Among them is a 1.8 megawatt system that spice and specialty food maker McCormick powered up in Belcamp in June — a second for the company that also operates a 1-megawatt facility in Hunt Valley.
Constellation Energy owns and operates the Belcamp facility through a 20-year power purchase agreement.
Maryland Solar has preliminary approval to build the state’s biggest solar facility, with a capacity of 20 megawatts, on about 250 acres near the Maryland Correctional Institution south of Hagerstown.
That facility would almost double the 26 megawatts of solar power capacity that the PSC says is currently installed in Maryland.
And the Southern Maryland Electric Cooperative has asked the PSC for permission to proceed with plans to build a 5.5- megawatt solar facility on 47 acres of former tobacco farmland in Hughesville.
That’s just a sample of what’s already in place or in the works to raise Maryland’s solar quotient.
Boosting the solar growth are state and federal tax breaks, grants and the opportunity to sell energy suppliers the renewable credits associated with each megawatt hour generated.
In Maryland, suppliers must first look within the state to buy those credits.
To meet the 0.025 percent solar supply mandated for 2010, suppliers bought 63 percent of credits from generators within Maryland. The rest came from outside the state, and about 4 percent of the requirement was met with $400-per-megawatt-hour payments that utilities have the option of making in lieu of credits that they usually can buy for less. Next year, the credits must come from Maryland facilities generating solar power.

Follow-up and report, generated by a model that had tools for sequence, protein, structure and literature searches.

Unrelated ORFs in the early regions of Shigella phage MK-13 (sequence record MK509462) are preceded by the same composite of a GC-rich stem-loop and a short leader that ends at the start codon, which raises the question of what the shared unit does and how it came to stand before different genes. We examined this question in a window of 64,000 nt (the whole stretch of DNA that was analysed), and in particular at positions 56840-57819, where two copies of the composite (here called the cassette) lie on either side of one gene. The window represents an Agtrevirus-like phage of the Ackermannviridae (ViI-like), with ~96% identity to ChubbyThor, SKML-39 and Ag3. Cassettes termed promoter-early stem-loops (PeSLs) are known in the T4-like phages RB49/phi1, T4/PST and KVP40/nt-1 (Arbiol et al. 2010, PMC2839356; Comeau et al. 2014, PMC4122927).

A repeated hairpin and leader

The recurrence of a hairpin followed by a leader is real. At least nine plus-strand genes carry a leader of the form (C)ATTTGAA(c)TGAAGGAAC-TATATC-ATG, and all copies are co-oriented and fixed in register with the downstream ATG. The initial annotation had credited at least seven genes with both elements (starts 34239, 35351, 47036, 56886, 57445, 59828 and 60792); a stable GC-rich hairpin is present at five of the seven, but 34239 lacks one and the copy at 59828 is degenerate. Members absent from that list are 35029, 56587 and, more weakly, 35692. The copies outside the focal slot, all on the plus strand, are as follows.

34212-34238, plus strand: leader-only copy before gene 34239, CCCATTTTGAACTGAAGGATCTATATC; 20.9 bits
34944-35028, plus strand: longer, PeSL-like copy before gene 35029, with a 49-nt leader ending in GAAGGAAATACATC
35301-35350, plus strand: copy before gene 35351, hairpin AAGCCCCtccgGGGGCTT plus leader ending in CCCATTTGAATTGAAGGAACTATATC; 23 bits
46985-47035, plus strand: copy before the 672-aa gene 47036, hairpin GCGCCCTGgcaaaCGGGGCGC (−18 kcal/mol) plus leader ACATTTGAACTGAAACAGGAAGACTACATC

Without government incentives, energy produced by the solar systems would be more expensive than what comes out of the grid, Lucas said.
Plus, “a lot of interest is generated by the fact that Maryland has one of the highest utility rates in the nation,” said Mike Thompson of Hollywood. Thompson has retired from careers with Verizon and in architecture and found an avocation-cum-vocation in convincing people to consider solar and helping them figure out how to do it.
But solar holds promise beyond subsidies, which in some cases agencies have reduced to spread around limited funds when budgets are tight.